Euro Truck Simulator 2 Review

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Take a tour of Europe in this incredibly detailed driving sim and build up your own continental transport empire.

Developer, Publisher: SCS Software

Release Date: January 16th, 2013; Reviewed on: PC

System Specifications: Core i5-6500, 16GB RAM, GeForce GTX 1070

Get it from: Steam

There are few things that can match the feeling of freedom on an open road, whether you’re on a task or simply driving along. Euro Truck Simulator 2 delivers just that, except with a satisfying level of complexity to all of its elements that create an immersive driving simulator that makes it easy to lose hundreds of hours to. That is, if you’re into the specific type of experience it offers. Driving my american Volvo VNL780 truck, which I know I would have never been able to get away with in real Europe, I move along speedy highways, sweeping back roads and spectacular coasts, soaking in the view while my Spotify playlist is in the background.

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Euro Truck Simulator 2 delivers a consistently relaxing driving experience, where you dial back and follow typical roadway rules while hauling any of the diverse cargo options available. If you ever wanted to drive a truck, but don’t want to commit to a full trucking license and drive lessons, this game is the best representation of moving in a heavy vehicle along big stretches of road. The game is easily one of the most relaxing experiences out there, without demanding a lot from the player. Its depth is worth discovering, however, including a simple but in-depth company management element, and many parts that make up a game about more than just driving along a highway. Players can demand as much immersion as they are personally willing to put in, and in the end, Euro Truck Simulator 2 is very rewarding for both casual and hardcore type of player.

The driving experience alone is well worth diving into this game, and there’s a lot to enjoy if you love driving in real life. Setup isn’t exactly complicated: you pick up cargo, the game sets the GPS to drop off city and off you go. Driving a big truck down a fast-moving highway or a quiet back country road is slow and methodical, as you have to follow road rules and speed limits. Euro Truck Simulator 2 replicates the everyday job of truck drivers very accurately, although the experience is still fairly streamlined.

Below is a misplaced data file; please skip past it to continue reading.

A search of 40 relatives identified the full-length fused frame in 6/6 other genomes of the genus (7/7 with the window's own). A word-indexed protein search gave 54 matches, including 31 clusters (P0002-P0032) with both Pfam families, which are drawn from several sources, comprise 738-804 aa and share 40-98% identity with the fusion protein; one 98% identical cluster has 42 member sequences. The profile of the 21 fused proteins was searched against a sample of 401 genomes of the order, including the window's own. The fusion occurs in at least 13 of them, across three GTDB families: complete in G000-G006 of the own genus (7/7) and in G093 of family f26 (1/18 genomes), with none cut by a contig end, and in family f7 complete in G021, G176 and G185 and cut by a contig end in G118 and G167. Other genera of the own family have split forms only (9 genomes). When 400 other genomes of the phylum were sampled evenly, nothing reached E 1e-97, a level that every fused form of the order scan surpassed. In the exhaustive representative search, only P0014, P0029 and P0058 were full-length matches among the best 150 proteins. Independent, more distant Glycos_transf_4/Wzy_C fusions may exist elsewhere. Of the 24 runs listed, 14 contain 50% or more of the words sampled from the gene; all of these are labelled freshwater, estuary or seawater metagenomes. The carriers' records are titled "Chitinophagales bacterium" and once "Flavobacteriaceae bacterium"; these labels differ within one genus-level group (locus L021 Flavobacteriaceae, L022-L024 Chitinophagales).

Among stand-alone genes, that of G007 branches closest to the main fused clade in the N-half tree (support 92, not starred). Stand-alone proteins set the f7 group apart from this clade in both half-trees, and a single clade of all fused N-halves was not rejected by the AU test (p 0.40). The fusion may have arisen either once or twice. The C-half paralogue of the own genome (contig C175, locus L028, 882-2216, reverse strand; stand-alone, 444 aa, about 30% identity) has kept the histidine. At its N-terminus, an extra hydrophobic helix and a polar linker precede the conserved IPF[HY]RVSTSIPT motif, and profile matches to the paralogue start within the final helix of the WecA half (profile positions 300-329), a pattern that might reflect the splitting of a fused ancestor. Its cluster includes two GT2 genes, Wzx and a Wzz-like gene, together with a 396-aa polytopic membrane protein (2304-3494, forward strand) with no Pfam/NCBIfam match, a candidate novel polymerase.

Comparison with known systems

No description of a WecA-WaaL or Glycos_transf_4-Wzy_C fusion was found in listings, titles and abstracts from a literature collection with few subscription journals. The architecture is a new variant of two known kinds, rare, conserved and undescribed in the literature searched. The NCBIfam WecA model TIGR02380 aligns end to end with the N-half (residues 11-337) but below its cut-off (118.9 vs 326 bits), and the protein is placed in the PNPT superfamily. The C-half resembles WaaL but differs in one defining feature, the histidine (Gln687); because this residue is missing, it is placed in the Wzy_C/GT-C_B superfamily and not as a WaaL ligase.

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The beauty of Euro Truck Simulator 2 is you can make it as laid back or brutally demanding as you prefer, with an amplitude of driving and gameplay options available on hand. Dial the game back, and there are few things to worry about when driving, aside from monitoring fuel and sleep. It is entirely possible to play the game from the couch with a controller if your PC is hooked up to the TV, although in-game controller support leaves a lot to be desired. I found it more efficient to map necessary controls via Xpadder to my gamepad and enjoy Euro Truck Simulator 2 that way. At the same time, you can set the game as realistic as possible, with a manual transmission, natural driving physics and other settings to replicate truck movement in real world. Pair it with a racing wheel setup, and Euro Truck Simulator 2 turns into a fairly different experience.

Doing menial tasks may not sound like a lot of fun, and I wouldn’t necessarily label the game as that to begin with. However, the simplicity of driving and management creates very relaxing gameplay to unwind from complexity of modern game design. Moving cargo from city to city is straightforward, with Euro Truck Simulator 2 providing every feedback detail through its on-screen interface. You could dial back all game indicators, of course, and still the detailed truck interiors provide all necessary information for players to follow.